In the Shadow of Liberty

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Book Information
Rating: Dependable
Reading/Interest Level: Intermediate, Young Adult
Author: Kenneth C. Davis
Publisher: Henry Holt and Company
Year: 2016
ISBN: 9781627793117
Pages: 286

Today’s Americans see the founding fathers and early presidents as men of honor who advocated for the rights of every citizen and ascribed the belief that “all men are created equal.” However, In the Shadow of Liberty exposes the reality that, all too often, there was a huge difference between what these men said and what they did in their personal lives. Larger-than-life historical figures, like George Washington and Thomas Jefferson, were owners of slaves. Though they were sometimes more benevolent and compassionate than other slave owners of the time, they may have offered kindness and mercy for their own, selfish reasons, rather than out of an innate belief that all men deserve freedom and justice. Ultimately, society could benefit from moving beyond the talk about “slaves,” a term which suggests a permanent identity, and instead shifting to seeing them as “enslaved persons.” These figures were, at the end of the day, just people who were trapped by a system that took so much and offered so little.

In the Shadow of Liberty explores the harsh realities of slavery in the United States. The writing is more simple than most works of historical non-fiction, so the book is definitely directed toward a younger audience than adults. Unfortunately, since there is a lack of reliable information about slaves, the book tends to focus more on the lives of the white men who owned them. The subtitle reads “The hidden history of slavery, four presidents, and five black lives.” The book does offer a history of slavery and presidents, but details about the “five black lives” are lacking. The text includes black and white paintings, photographs, and timelines on about every other page, balancing the textual information with visuals. However, perhaps due to formatting issues, quite a few of the graphics are blurry, which sometimes makes the book seem unprofessional. Nonetheless, the research seems sound and, though the author is certainly outspoken in his condemnation of slavery and contempt for the actions of some of America’s “great” men, his opinions are backed by his facts.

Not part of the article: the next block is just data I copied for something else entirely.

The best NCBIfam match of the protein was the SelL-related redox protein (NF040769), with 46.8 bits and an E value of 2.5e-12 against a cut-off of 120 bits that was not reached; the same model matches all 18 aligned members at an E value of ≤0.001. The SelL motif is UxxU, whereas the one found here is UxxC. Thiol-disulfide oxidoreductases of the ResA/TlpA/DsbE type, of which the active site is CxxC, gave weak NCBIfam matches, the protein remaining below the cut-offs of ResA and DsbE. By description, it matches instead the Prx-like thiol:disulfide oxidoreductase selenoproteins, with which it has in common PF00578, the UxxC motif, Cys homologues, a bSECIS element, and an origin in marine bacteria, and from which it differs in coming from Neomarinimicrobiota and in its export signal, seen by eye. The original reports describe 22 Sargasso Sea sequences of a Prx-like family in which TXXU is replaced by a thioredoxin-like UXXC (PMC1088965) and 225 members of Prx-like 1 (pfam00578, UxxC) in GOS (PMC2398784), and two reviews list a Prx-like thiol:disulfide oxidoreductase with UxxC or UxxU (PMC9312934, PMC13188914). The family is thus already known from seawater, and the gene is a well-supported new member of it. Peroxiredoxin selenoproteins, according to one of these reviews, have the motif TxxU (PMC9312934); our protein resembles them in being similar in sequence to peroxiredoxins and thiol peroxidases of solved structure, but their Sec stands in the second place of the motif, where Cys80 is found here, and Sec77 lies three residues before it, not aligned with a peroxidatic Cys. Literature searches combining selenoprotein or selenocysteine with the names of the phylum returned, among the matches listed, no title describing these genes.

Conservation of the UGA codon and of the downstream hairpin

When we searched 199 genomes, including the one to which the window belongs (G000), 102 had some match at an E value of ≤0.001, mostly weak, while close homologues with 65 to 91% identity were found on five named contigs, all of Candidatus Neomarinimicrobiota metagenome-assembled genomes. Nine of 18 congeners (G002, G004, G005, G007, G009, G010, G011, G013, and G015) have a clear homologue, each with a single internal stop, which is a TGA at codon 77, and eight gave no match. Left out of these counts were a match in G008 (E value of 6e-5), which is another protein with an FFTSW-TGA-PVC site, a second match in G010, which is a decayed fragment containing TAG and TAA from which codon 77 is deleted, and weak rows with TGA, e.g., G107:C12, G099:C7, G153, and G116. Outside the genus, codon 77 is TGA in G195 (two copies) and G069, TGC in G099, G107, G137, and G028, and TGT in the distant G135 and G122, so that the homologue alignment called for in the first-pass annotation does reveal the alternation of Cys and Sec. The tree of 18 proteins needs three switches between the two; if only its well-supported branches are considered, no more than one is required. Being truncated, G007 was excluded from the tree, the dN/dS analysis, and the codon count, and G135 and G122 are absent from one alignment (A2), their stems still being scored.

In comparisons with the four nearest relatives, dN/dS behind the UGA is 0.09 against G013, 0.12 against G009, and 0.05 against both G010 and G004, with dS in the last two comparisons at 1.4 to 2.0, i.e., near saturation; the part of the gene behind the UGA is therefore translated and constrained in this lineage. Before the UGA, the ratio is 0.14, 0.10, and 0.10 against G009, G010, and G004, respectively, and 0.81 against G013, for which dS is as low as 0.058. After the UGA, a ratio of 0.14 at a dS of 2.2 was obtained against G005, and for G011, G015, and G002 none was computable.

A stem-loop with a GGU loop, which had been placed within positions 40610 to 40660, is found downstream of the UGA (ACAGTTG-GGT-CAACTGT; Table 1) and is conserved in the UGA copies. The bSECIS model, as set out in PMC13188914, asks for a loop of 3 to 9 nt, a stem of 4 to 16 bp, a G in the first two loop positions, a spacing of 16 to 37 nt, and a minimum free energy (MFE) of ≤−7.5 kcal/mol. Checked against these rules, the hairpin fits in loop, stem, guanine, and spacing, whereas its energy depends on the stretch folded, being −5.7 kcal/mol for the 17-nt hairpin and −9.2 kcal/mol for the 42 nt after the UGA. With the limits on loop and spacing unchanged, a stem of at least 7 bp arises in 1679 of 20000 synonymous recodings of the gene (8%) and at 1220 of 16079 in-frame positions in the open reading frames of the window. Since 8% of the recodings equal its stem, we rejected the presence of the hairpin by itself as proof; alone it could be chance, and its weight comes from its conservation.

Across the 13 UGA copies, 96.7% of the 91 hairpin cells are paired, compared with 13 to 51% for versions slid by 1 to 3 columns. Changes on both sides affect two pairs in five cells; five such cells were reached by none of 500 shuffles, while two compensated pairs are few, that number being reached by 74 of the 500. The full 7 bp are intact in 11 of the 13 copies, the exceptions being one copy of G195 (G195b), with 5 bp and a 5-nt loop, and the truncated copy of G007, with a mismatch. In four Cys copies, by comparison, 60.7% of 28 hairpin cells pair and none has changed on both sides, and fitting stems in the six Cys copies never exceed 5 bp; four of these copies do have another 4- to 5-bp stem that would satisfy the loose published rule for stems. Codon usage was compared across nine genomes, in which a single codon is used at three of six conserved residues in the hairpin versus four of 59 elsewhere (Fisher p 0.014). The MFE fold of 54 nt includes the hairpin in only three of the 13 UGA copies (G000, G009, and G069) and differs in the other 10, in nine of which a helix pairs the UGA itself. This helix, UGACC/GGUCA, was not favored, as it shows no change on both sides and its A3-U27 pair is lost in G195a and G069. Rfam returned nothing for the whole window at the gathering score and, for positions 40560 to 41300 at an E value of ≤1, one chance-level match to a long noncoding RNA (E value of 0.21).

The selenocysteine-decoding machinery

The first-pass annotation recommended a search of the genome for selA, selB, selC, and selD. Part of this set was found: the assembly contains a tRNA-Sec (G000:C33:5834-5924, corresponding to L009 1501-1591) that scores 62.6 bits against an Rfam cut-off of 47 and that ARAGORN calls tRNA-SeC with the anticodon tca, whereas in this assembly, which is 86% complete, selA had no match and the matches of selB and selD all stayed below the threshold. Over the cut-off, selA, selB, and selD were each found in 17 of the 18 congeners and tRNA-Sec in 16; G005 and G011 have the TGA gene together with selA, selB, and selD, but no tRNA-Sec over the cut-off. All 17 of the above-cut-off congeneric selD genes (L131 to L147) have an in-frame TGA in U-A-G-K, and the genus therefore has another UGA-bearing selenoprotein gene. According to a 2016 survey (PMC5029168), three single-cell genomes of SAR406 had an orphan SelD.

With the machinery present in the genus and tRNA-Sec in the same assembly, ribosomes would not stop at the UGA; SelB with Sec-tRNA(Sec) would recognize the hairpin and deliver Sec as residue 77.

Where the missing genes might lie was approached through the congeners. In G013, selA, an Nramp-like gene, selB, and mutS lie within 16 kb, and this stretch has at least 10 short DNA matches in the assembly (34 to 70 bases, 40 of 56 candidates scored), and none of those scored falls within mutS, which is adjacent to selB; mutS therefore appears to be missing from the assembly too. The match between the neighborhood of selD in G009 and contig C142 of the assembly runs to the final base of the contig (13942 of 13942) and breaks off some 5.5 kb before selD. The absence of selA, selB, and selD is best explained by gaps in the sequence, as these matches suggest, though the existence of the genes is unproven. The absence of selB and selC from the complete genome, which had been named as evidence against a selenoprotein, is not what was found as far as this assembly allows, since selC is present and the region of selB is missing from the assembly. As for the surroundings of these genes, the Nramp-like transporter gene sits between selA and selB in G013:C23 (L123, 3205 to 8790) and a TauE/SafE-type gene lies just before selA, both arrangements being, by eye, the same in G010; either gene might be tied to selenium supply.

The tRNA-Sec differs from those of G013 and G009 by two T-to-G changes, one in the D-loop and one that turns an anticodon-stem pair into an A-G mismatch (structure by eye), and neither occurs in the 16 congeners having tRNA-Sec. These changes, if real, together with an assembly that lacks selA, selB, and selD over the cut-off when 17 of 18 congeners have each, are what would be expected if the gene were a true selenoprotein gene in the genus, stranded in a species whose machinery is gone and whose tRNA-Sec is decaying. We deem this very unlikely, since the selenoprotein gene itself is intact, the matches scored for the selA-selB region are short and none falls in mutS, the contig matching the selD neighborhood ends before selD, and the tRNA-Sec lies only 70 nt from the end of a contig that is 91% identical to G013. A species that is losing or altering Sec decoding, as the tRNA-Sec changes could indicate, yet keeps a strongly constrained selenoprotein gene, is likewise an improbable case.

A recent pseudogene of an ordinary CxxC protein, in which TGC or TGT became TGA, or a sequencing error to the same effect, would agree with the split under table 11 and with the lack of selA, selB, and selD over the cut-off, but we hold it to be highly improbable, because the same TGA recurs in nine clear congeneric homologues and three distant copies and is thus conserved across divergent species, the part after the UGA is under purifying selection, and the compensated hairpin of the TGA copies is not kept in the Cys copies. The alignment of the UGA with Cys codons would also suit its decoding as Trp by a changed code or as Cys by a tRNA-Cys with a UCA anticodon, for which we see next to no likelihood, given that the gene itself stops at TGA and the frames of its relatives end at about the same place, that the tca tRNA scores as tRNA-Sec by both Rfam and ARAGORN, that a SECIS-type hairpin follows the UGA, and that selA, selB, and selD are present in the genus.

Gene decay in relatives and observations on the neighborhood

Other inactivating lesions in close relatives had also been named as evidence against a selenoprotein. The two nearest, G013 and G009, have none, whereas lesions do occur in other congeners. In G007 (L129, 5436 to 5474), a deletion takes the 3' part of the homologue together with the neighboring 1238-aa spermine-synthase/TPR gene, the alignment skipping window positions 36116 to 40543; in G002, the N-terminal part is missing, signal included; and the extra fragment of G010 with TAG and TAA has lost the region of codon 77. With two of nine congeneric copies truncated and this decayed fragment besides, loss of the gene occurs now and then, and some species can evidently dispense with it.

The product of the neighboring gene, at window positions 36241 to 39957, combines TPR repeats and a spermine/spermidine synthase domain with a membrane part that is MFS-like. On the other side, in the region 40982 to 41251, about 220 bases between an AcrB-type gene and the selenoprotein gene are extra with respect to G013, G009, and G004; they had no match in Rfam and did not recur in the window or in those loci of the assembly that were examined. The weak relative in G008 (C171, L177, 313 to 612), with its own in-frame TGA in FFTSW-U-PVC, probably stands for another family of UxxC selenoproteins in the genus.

*Contains mild sexual content and mild violence.